Glitter and Kisses

The life of the glitterati may be exhausting, but I’m never too tired to pull out my glitter eye liner and ring in the new year in style. I know I’ve been scarce lately (it’s the fierce fatigue, I swear) but I really do miss you, my darlings.  Sending you new year’s kisses and femmetastic wishes for a sublime 2011!

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Hats Off

“I may have to confiscate that brim,” said the stud airport security guard to Van as we traversed the Houston airport.  We were on our way to our vacation spot on the west coast and Van was wearing a very sharp Panama hat that always attracts the attention of hat lovers.  Van is never afraid to wear a hat, a quality I think she gets from her mother, who’s a true hat aficionado.

While I have appreciated Van’s hats (not all of them, I admit), I’ve never been a hat person myself.  That is, until I fell head over heals in love with a large black and white sun hat that I bought on vacation, simply because I could not resist its movie star glamour.  I wore the hat on the beach, where it looked great with my black and white bikini, and out to a very fancy dinner Van planned to celebrate our 15th anniversary. Truthfully, I’ve never felt so transformed by an accessory before.  It was, in a word, sublime!

Femme at the Grill

Don’t try this at home, darlings.  I really am roasting a whole chicken on the grill tonight, but I will not be topless!

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Who’s Your Femme Style Icon?

I think the first time I “got” femme was when I saw Elizabeth Taylor as Maggie in Cat on a Hot Tin Roof.   Looking drop-dead gorgeous in her clingy slip, Maggie fights with Brick about their living arrangements and hisses, “I’m not living with you. We occupy the same cage that’s all!”   Me-YOW!   La Liz could deliver a line like nobody’s business.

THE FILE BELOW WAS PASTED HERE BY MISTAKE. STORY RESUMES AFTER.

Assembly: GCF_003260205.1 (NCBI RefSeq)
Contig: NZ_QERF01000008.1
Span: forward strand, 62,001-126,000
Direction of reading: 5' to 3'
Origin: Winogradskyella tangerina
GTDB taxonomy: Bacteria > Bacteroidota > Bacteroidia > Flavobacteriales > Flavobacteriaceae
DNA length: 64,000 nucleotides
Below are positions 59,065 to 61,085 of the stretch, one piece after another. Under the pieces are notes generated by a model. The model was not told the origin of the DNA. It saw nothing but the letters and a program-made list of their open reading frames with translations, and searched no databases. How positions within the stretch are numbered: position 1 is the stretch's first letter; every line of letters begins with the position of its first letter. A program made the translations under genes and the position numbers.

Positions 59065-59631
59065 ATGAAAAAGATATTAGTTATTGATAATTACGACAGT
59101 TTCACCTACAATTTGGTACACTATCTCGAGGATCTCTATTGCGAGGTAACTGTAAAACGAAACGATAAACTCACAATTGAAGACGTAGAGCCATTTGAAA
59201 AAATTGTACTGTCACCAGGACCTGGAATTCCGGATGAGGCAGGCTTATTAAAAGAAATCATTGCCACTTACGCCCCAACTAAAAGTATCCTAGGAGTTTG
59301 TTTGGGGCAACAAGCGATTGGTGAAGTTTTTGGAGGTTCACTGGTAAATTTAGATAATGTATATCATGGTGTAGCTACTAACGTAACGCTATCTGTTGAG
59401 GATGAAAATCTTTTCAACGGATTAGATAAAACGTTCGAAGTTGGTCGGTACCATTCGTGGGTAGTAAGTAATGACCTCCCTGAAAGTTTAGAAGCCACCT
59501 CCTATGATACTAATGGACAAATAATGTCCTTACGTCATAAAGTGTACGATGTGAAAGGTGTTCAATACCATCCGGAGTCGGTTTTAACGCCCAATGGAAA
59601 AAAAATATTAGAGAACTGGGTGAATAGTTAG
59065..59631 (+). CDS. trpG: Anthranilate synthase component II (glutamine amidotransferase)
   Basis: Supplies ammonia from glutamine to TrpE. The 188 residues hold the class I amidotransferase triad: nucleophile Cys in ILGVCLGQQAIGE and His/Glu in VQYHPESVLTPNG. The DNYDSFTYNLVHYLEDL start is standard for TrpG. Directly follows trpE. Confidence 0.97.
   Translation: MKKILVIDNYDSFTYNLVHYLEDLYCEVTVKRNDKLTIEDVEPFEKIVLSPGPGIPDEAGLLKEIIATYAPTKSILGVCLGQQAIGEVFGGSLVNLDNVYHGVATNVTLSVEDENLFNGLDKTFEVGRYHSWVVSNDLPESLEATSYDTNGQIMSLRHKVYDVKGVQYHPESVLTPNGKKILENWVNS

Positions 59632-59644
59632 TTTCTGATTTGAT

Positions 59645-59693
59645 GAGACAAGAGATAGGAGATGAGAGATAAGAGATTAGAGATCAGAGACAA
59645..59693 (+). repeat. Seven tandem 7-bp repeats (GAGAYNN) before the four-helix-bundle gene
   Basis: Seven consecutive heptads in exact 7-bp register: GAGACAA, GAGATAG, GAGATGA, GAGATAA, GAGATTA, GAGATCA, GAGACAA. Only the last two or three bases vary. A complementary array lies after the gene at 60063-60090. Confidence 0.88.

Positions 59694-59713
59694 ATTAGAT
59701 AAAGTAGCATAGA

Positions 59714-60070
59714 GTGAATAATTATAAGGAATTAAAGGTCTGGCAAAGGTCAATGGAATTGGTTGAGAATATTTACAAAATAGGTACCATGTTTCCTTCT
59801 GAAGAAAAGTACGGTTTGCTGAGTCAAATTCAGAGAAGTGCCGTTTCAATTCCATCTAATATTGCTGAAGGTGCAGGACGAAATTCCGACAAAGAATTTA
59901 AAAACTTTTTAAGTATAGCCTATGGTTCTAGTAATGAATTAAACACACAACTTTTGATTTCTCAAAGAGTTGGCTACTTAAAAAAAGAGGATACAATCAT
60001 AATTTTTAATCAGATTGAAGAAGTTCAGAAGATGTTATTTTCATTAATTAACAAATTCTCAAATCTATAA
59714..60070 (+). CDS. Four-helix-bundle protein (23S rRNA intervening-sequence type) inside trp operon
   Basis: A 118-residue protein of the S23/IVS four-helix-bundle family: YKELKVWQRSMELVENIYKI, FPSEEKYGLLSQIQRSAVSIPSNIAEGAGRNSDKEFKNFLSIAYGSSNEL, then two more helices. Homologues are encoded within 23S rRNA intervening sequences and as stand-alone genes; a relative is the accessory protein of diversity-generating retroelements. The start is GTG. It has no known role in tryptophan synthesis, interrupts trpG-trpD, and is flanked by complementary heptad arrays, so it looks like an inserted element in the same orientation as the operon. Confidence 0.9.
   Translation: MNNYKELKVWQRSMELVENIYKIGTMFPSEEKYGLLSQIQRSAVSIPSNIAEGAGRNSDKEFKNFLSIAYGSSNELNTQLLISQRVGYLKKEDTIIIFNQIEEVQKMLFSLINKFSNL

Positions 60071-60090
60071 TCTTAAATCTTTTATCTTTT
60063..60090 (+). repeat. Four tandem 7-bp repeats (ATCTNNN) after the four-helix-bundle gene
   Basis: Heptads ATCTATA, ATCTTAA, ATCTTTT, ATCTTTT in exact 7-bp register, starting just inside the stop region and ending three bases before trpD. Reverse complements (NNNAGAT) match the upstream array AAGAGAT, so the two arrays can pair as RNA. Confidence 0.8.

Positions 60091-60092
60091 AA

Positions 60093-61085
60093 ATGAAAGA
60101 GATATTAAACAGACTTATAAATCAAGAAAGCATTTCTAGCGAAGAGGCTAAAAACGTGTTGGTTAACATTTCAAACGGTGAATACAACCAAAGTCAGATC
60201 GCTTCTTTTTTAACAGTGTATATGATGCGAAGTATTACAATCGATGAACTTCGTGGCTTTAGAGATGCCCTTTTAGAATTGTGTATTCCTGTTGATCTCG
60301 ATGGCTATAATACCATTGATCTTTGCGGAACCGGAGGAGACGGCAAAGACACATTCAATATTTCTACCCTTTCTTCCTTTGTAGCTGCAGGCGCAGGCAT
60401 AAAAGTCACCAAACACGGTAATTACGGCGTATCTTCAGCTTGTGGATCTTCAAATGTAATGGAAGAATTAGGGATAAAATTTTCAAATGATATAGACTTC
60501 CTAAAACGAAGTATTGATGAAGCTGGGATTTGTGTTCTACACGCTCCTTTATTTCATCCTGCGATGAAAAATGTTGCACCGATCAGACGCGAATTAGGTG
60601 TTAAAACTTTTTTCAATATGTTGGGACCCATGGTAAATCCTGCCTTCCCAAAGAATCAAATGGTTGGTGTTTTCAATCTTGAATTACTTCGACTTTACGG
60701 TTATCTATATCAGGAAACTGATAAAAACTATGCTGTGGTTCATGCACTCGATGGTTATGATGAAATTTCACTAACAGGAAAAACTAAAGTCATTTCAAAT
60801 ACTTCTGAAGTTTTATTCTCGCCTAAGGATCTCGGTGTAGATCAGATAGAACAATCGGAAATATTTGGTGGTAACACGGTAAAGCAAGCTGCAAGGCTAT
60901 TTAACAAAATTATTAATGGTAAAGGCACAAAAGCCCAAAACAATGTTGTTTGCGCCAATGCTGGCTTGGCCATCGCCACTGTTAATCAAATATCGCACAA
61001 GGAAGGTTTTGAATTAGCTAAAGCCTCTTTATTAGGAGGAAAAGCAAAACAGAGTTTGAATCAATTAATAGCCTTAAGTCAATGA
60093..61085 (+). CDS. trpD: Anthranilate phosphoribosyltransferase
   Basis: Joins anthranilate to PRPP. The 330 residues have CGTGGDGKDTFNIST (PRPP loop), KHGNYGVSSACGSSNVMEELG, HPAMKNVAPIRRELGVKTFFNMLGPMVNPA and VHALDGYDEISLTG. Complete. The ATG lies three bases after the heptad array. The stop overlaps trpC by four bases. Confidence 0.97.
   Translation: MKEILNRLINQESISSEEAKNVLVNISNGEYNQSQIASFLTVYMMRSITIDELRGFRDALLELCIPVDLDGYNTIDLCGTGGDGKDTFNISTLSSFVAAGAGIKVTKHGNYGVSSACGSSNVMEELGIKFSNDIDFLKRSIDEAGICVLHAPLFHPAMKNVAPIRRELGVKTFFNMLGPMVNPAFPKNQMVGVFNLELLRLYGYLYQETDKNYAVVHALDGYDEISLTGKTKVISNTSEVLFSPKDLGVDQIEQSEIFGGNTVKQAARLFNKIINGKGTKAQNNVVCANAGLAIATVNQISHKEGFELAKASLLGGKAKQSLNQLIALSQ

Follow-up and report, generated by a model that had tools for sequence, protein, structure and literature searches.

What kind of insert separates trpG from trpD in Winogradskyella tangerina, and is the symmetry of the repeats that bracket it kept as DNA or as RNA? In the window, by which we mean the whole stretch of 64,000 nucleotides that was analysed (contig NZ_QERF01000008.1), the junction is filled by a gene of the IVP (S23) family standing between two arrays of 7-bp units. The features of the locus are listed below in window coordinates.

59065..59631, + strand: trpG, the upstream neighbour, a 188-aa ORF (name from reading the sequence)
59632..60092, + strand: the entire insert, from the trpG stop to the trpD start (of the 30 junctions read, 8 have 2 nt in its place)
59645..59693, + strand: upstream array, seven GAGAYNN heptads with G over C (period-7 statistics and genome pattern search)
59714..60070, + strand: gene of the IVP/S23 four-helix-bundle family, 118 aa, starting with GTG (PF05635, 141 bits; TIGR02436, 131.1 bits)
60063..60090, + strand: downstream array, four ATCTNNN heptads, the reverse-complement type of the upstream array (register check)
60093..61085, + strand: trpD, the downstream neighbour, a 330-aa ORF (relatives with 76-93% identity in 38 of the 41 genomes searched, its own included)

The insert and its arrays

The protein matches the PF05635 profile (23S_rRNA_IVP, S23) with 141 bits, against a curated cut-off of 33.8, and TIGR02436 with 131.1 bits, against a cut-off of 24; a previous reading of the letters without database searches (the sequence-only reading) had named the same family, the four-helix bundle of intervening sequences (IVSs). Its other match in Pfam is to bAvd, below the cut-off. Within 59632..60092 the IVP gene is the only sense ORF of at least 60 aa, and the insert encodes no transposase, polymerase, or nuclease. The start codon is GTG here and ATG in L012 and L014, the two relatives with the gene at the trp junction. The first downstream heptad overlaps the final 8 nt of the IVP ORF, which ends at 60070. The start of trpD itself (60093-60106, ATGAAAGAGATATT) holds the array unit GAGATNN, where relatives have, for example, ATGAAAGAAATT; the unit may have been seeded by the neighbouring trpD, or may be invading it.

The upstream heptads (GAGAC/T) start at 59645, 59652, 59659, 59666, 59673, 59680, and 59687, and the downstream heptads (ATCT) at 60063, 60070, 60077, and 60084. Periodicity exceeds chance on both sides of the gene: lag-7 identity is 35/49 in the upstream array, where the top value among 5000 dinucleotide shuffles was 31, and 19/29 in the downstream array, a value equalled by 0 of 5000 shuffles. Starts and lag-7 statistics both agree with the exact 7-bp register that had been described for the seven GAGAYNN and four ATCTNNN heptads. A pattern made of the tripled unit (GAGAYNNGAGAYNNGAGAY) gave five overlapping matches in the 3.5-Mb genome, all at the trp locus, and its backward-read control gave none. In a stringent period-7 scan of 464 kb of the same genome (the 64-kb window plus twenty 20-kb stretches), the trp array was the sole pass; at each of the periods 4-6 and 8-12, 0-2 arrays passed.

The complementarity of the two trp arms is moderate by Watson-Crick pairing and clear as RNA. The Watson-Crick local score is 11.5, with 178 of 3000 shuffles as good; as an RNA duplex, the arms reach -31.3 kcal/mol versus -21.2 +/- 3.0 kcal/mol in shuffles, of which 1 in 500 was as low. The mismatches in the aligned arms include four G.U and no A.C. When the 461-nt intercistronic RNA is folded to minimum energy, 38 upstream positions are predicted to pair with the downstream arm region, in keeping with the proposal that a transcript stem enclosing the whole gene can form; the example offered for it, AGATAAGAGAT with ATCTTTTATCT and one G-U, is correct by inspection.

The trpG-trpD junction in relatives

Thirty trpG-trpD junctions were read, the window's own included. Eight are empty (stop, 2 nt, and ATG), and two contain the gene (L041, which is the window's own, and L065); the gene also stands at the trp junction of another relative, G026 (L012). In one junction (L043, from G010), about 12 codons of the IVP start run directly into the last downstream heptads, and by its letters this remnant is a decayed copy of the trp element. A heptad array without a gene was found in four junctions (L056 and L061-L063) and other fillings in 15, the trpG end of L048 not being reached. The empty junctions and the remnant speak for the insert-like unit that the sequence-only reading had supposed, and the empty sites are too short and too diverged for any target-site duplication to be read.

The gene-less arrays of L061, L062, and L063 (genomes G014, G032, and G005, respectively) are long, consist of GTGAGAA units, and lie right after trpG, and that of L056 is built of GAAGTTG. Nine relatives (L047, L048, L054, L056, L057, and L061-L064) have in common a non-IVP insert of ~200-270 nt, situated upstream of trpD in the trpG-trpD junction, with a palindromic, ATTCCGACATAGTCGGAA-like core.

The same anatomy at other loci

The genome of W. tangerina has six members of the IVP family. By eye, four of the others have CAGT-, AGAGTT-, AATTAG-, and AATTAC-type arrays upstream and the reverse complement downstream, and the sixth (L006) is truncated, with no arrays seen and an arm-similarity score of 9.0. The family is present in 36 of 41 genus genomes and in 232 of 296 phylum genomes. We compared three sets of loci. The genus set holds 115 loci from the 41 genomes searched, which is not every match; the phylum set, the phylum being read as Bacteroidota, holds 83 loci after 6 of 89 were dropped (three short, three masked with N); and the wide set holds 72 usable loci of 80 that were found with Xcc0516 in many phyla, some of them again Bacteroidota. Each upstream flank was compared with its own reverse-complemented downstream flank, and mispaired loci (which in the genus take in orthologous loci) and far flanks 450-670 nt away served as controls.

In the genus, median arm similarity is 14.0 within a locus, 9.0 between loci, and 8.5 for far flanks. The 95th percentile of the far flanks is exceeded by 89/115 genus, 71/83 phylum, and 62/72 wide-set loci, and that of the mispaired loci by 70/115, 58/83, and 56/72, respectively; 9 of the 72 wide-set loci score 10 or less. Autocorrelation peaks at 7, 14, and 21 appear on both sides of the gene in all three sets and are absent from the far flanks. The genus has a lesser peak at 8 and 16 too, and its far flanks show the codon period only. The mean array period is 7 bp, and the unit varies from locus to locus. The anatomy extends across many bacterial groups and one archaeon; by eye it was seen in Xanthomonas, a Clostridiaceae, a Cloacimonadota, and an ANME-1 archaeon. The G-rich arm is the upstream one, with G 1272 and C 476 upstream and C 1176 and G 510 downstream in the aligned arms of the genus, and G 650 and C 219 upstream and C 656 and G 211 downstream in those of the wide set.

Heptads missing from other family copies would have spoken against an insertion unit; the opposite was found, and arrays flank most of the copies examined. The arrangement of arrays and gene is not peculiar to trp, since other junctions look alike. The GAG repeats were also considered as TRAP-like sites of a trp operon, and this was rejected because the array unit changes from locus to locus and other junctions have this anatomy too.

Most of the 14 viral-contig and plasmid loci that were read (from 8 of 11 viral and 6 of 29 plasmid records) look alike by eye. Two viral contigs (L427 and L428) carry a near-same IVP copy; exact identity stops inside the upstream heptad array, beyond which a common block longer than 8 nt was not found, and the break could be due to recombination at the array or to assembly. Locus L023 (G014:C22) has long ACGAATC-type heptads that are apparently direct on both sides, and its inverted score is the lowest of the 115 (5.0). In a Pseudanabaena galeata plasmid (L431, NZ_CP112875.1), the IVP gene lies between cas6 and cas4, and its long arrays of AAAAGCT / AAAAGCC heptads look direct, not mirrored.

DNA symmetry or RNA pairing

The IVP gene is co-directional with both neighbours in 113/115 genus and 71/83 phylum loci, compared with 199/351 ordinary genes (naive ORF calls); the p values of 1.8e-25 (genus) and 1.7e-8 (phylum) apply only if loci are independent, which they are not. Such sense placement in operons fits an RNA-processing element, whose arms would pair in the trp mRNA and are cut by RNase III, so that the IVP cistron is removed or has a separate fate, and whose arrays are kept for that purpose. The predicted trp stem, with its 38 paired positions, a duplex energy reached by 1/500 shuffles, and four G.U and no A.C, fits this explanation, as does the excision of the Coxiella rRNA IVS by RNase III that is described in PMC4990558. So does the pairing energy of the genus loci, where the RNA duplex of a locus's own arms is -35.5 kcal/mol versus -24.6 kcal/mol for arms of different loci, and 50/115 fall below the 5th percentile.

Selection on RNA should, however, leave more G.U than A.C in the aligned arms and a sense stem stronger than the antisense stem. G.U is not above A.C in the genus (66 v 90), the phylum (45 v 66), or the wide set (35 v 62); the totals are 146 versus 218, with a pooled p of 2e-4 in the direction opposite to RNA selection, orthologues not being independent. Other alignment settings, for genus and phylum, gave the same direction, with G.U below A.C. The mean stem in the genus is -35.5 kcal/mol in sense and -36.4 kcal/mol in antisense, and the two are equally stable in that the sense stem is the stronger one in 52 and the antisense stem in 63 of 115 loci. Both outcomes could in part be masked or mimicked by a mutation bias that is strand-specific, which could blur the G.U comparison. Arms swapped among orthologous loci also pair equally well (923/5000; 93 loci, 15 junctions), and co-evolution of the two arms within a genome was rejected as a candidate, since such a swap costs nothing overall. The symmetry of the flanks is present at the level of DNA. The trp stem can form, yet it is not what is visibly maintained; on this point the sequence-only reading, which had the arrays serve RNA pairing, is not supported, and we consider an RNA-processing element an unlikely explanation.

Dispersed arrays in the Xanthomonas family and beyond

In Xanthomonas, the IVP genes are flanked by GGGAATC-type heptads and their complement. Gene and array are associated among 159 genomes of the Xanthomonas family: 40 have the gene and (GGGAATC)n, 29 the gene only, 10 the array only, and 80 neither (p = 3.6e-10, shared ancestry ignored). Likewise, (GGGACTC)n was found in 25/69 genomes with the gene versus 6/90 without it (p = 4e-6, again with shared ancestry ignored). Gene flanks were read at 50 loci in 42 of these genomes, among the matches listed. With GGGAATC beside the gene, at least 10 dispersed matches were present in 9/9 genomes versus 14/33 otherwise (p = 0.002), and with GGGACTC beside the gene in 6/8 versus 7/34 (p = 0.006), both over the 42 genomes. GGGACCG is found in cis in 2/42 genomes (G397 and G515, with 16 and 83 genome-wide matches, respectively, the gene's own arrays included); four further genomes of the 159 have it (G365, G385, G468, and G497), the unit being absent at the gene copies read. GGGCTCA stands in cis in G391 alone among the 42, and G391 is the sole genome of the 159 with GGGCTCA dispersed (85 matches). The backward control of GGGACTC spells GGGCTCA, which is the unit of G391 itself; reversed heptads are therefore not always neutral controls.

When I was in my twenties I couldn’t imagine ever being as sexy and femme as Elizabeth Taylor–or even on the same planet as her.  (If Kitty Kelley is right that ET is “the last star,” then actually no one is on the same planet as Elizabeth.)   Watching her old films, I was intrigued by her seductive combination of vulnerability and strength–and those legendary violet eyes. (I want violet eyes!!!)   Taylor is iconic for me not only because of her beauty and style, but also because of her resilience and willingness to admit her imperfections. My favorite Elizabeth Taylor quote? “The problem with people who have no vices is that generally you can be pretty sure they’re going to have some pretty annoying virtues.”  😉

Who are your femme style icons, past or present?  Bettie Page? Beyonce?  Beth Ditto? Also, I’d love to hear about butch/genderqueer/tomboy style icons, so feel to share those too!

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Femme Desires

I’ve been looking forward to Sinclair’s post about the Femme Conference, and it didn’t disappoint. If you haven’t read it, go visit Sugarbutch Chronicles and have a look. It’s called “In Praise of Femmes: The Architecture of Identity.”

Sinclair points to 5 ways to construct femme:
1) In contrast to butch
2) In community
3) Through language
4) Through fashion and style